12 Cinnamon Essential Oil Benefits and Uses

The cinnamon tree produces three different oils – bark, leaf and root. You’re most likely to encounter Cinnamon Bark or Cinnamon leaf (which is found in Flu Time).

Both should be used with extreme caution, particularly for topical use as they are known sensitizers and may cause a reaction on your skin. Any topical application should be a 0.1% or lower dilution rate, which is about 1 drop of Cinnamon per 30-40ml (40ml is about 1.35oz).

Also be sure on whether you are purchasing Cinnamon Bark, Cinnamon Leaf, or Cinnamon Cassia (which is not actually true cinnamon) when you’re considering usage and safety issues.

Following are 12 Cinnamon essential oil uses for this multifaceted, warming, and germ-fighting powerhouse! Remember, a little goes a long way. Cinnamon Bark has a higher possibility of skin reaction and is the better choice for diffusing and cleaning. It is is helpful for digestive issues (even in the diffuser). Cinnamon Leaf is the better choice for topical use especially useful for fighting of germs and infection as well as helping with arthritis. Cinnamon Cassia can be helpful during flu season and help with back pain. 

  1. Cleaner. Antibacterial properties make cinnamon an ideal addition to your home cleaners. Plus, it provides a change of pace from the typical lemon-fragranced cleaners.
  2. Gastrointestinal Stimulant. If poor appetite is an issue, consider using cinnamon as a stimulant.  
  3. Warming. Need a little heat in your life? Cinnamon is the perfect warming oil to use. Just make sure to use it sparingly due to its high probability of skin sensitization. Choose cinnamon leaf over bark to mitigate the risk. 
  4. Circulatory Agent. Cinnamon can be a great addition to your regimen if poor circulation is an issue.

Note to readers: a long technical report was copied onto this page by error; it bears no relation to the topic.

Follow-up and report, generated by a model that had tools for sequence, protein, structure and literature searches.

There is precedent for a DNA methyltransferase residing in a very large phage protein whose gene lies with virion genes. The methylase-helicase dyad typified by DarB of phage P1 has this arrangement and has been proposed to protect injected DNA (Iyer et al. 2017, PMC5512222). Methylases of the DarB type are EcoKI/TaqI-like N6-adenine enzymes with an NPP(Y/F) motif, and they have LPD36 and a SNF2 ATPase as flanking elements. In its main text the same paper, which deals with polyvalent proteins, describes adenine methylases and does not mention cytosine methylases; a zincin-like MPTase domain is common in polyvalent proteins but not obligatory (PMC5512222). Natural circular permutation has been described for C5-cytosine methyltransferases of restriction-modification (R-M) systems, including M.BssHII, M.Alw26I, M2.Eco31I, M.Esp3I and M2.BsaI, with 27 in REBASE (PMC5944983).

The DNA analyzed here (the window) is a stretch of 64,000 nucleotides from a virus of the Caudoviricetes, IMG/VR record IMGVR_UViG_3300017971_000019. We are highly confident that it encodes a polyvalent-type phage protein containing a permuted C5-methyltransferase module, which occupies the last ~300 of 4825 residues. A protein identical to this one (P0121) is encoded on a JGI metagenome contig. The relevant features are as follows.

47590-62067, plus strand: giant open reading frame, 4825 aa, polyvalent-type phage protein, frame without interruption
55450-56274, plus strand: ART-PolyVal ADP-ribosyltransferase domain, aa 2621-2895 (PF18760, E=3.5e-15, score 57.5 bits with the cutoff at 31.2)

5. Pain Relief. It’s analgesic properties make cinnamon ideal for pain blends. 
  6. Digestion. In addition to appetite stimulant, cinnamon can be used to help aid in digestion. Ingestion of oils should only be tried under care of a medicinal aromatherapy practitioner. But applying oils topically or inhaling, can still help with digestion. 
  7. Mood. Cinnamon has a way of uplifting those suffering from sadness or depression. 
  8. Debility. As people age, they can suffer from a general weakness that can cause illness. Cinnamon is thought to help ease this state, known as debility, and bring forth more vibrancy. 
  9. Flu Fighter. Cinnamon has amazing antimicrobial properties making it perfect for your flu and cold blends. 
  10. Aphrodisiac. Add cinnamon to your list of oils perfect for that 1 on 1 time with your partner. 
  11. Antispasmodic. If you suffer from muscle spasms, cinnamon’s antispasmodic properties can help alleviate discomfort. 
  12. Pest Repellent. It’s especially effective against silverfish, ants, and ear wigs. Add a few drops to a cotton ball and place where you’re seeing pests. Or create a spray of 8 oz water or rubbing alcohol and 10-15 drops oil. Shake well and spray where you see activity (see safety info and be cautious when spraying around pets and children). Repeat as necessary. 

Blends well in the diffuser with Clove, Frankincense, Lemon, Orange, Grapefruit, Geranium, Lavender, Black Pepper, and Tea Tree. 

Download 5 Recipes Based for Cinnamon Essential Oil Uses! 

We’ve put together some fantastic recipes for you so that you can get started using Cinnamon essential oil! I include some extra tips as well as substitution suggestions if you need them. Take a peek at the first one below and then enter your email address to get the rest delivered to you in a convenient download! 

Some Supplies You’ll Want to Consider: 

 

Download All 5 Cinnamon Essential Oil Recipes